The Magic and Mystery of Maryland Archaeology (Month)

At the beginning of April, to celebrate the 2019 Maryland Archaeology Month , the AAHA team took a field to visit the Anne Arundel County (AAC) archaeologists in their lab at Historic Londontown.  AAHA’s team of young professionals mixed with local volunteers and residents as County Planner Anastasia Poulos and Dr. Zac Singer presented details on two of the exciting projects on which they had been working.  Ms. Poulos has been engaging with AAC residents to document the large number of small family cemeteries that dot the County’s landscape.  There are believed to be over 500 such cemeteries within the county, but many have been vandalized, impacted by development, or are succumbing to the rising waters of the Chesapeake Bay.   Ms. Poulos hopes that by working side by side with local residents more of these important places can be preserved.  Meanwhile, Dr. Singer has been leading a team of volunteers to explore AAC’s western boundary – the shores of the Patuxent River.  Open to volunteers, and in collaboration with the Maryland National Parks and Planning Commission in Prince George’s County, Singer and his team have been traipsing the shorelines of Jug Bay to record evidence of the area’s Native American occupants.


The presentations were extremely engaging, both to the volunteers and to our team of professionals.  The highlight of the evening was provided by Dr. Singer when he passed around stone tools and projectile points from an artifact collection that had been donated to the County, but which needs much help in order to identify all of its contents and to turn it into a valuable teaching tool.  The collection includes at least two Clovis points, one of which was no bigger than a thumb, and everyone geeked out at the opportunity to hold these 10,000 year old.  Needless to say, the AAHA team had a great time mixing with the AAC archaeologists, volunteers, and interested citizens, and was happy to host the few that could join AAHA for Happy Hour at the local pub afterwards. 

For further volunteer opportunities within Anne Arundel County, check out the following links or contact for more information.



At this half-day symposium you will learn how local historians, genealogists, conservationists, and archaeologists unlock the secrets of these historic cemeteries and find out what measures are in place to protect important commemorative landscapes of our past. Experts in history, archaeology, conservation, preservation, genealogy, and archival research will share their work and discuss best practices in the field to inspire preservation of cemeteries in the Four Rivers Heritage Area. Topics will include researching and documenting old cemetery plots, archaeological methods, legal issues, and physical threats related to climate change and development.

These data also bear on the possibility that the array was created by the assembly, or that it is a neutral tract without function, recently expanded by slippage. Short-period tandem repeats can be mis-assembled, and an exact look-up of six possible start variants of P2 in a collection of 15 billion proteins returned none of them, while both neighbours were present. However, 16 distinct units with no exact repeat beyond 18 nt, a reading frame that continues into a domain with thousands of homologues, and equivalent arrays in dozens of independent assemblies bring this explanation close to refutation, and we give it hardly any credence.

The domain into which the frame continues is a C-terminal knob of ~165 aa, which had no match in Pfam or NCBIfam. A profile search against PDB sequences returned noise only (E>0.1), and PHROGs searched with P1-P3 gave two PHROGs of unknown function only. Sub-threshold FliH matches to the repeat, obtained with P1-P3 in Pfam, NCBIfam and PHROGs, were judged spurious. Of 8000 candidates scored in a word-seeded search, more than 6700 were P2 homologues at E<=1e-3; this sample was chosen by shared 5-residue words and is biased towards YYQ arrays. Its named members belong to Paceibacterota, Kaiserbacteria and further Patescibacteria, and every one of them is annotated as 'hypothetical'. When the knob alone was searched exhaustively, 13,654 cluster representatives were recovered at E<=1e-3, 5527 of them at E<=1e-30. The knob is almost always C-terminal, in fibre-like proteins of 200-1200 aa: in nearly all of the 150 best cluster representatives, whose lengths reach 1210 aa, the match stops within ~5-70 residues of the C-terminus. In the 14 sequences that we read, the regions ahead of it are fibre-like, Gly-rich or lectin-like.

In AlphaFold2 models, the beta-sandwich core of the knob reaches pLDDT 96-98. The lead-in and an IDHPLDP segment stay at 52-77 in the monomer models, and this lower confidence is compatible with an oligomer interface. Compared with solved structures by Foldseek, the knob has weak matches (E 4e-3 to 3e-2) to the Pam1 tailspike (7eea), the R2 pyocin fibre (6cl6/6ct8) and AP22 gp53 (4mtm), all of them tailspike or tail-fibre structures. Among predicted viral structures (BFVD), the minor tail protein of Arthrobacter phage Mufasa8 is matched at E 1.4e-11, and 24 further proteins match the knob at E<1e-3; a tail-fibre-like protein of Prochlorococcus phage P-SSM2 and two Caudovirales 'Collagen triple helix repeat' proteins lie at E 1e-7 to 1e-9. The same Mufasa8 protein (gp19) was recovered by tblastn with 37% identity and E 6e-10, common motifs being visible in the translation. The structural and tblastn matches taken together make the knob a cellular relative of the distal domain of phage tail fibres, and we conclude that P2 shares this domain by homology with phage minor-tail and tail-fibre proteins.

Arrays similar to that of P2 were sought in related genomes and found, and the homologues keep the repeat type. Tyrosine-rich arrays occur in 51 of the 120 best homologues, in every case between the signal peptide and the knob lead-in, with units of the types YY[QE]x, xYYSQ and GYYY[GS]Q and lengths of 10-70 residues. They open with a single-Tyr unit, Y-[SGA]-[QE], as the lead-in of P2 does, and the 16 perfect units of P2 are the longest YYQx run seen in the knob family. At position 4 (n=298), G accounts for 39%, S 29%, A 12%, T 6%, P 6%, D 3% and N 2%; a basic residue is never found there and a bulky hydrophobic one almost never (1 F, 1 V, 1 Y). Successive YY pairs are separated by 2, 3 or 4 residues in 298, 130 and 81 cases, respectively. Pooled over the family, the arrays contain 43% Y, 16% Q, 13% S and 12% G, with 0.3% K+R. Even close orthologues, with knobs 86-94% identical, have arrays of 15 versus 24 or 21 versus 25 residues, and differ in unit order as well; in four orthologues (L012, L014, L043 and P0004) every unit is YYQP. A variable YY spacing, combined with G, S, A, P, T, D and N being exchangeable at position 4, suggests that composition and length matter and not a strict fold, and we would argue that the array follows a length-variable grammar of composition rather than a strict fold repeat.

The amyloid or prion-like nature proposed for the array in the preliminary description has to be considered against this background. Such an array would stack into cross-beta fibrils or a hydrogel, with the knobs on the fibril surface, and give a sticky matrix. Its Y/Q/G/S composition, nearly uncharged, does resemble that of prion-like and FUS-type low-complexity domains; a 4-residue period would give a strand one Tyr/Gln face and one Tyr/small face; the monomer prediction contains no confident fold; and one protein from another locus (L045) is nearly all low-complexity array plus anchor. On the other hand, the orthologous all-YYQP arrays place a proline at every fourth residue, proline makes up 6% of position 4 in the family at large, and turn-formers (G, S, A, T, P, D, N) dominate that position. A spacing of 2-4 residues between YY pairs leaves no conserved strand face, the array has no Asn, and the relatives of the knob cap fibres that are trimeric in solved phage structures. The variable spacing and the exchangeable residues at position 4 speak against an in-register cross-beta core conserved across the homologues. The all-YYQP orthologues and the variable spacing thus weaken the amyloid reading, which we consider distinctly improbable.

June 10-14 and June 17-21, 2019

Dig at a real archaeology site this summer! In partnership with the Lost Towns Project and Jug Bay Wetland Sanctuary, we are offering volunteers the chance to dig alongside real archaeologists at a Native American Site in Lothian. Registration is required.  Please email Dr Zac Singer at to learn more or to sign up. (Fee)

Applied Archaeology Looks Forward After a Fantastic 2018

Building on 2017, which was AAHA’s best year since the Great Recession, 2018 proved to be the best ever year for the company.  Working on two separate MDSHA open-end Cultural Resource contracts, AAHA successfully completed Maryland State Highway projects in Alleghany, Dorchester, Garrett, Frederick, Howard, Montgomery and Prince George’s Counties, while also working for commercial clients on a number of in Anne Arundel, Prince George’s, and Queen Anne’s County as well as within Baltimore City.  AAHA also worked with a number of non-profit organizations to assist them with their archaeological needs. 

Without a doubt, the highlight of 2018 has been AAHA’s collaboration with a team of specialists on the investigation, documentation and restoration of the Cloverfields house and gardens.  Currently owned by the Cloverfields Preservation Foundation, the property has been held in the hands of only two families since it was constructed in 1705.  During the first half of 2018, AAHA worked with architectural historian Willie Graham, dendrochronologist Mick Worthington, historian Sherri Marsh-Johns, geophysical expert Tim Horsley, architect Devin Kimmel and construction specialists Lynbrook of Annapolis, as well as many others, to investigate and document the house.  Based on their findings, the team recommended restoration of the house and grounds to the 1780’s with a focus on 1784.  AAHA continues to actively work on the investigation of the cultural landscaping surrounding the house as well as that of the house’s formal gardens.

The coming year is already shaping up to be equally busy, but with the addition of 11 new staff members, including new Project Archaeologists Brett Arnold and Matt Cochran as well as Lab Director Alex Glass, AAHA is well placed to build on the successes of 2018 and to help you meet all of your cultural resource management needs.